Europe’s Economic “Recovery”

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By John Richardson

EUROZONE GDP expanded 0.3% in the second quarter of this year and it will probably also have expanded in Q3. As a result, if you view the end of a recession as two consecutive quarters of positive growth, the champagne corks should perhaps be popping.

Europe’s politicians have seized on the first improvement in European indicators for a long time as indicating that their policies are working, wrote Wolfgang Munchau in this article in the Financial Times.

But he adds that:

  • Comparing the first half of 2007 and the first half of 2013, real GDP contracted by an accumulated 1.3% in the eurozone, 5.3% in Spain and 8.4% in Italy.
  • In the same period investment was down by an accumulated 19% in the eurozone – and 38% in Spain and 27%in Italy. Between the first quarter of 2007 and the first quarter of 2013, employment fell by 17% in Spain and 2 % in Italy.
  • The single largest constraint on the resumption of growth in the eurozone is not fiscal policy, which is broadly neutral across the single-currency area, but continued failure to clean up the banks. As a result, growth in loans to the non-financial sector remains very weak.

Is the single-largest contributor to weak growth instead demographics? Charles McPhedran, in this article on newmatilda.com, the Australia-based website for independent journalism, appears to agree with us that Europe’s ageing population is the biggest cause of this economic stagnation.

He points out that:

  • Since the post war baby boom ended, the number of children born in Europe has fallen almost continually. From nearly eight million in the early 1960s, the number of newborns has fallen to just over five million per annum today.
  • Germany, the leading continental power, has been among the first to confront the effects of a greying population. Already, the average age here – at over 42 years – is among the oldest in the world. Only the Japanese and the Italians are older, and both of them have a higher life expectancy than the Germans. Accordingly, a dramatic demographic decline is predicted for the country in the coming decades. The number of Germans is forecast to decline from over 80 million to just under 70 million by 2050.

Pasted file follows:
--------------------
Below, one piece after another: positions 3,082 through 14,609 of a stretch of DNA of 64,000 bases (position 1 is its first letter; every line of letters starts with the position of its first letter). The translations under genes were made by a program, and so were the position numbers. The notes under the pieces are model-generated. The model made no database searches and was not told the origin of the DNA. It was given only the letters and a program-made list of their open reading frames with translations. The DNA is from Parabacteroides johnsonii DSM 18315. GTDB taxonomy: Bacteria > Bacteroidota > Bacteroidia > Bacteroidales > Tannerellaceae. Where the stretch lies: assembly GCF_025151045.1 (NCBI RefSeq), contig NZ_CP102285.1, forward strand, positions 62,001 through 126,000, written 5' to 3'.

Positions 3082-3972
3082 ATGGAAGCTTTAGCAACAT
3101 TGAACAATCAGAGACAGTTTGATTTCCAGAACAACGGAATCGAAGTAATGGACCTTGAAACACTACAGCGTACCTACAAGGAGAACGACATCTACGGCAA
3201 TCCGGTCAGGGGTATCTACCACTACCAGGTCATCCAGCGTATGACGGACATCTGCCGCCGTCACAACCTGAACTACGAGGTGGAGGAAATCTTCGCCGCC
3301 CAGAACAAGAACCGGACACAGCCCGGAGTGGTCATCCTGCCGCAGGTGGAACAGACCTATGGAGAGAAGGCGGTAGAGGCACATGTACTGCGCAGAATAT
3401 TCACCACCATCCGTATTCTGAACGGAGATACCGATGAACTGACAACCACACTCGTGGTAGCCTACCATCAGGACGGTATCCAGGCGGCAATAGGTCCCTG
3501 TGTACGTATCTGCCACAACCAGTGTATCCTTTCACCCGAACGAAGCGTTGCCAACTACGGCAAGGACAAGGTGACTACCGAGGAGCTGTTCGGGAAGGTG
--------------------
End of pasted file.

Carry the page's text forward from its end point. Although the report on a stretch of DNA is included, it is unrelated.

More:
• In Spain, the population is already expected to decline in the coming decade, says Madrid daily El País. Spanish fertility began to decline in the 1980s, and, all things being equal, will not increase again until 2030. In a 2012 report, the Spanish National Institute for Statistics sketches an “apocalyptic landscape”. Over 500,000 Spaniards departed the country last year, a figure much higher than the number of immigrant arrivals. Statisticians believe that in the coming decades, Spain will be an ageing society with “an increasing number of illnesses due to ageing … surrounded by islands of unemployed young people”.

This helps to explain why European cracker operating rates have yet to recover to their 2007 level (see the above chart).

But despite these low operating rates, Europe’s cracker operators have enjoyed good profitability since the 2008 global financial crisis because of cost and operating-rate discipline.

What of the future, though? Is there anything more that Europe’s senior petrochemical leaders can do to contribute towards longer-term solutions for Europe’s economic problems?

More tomorrow….

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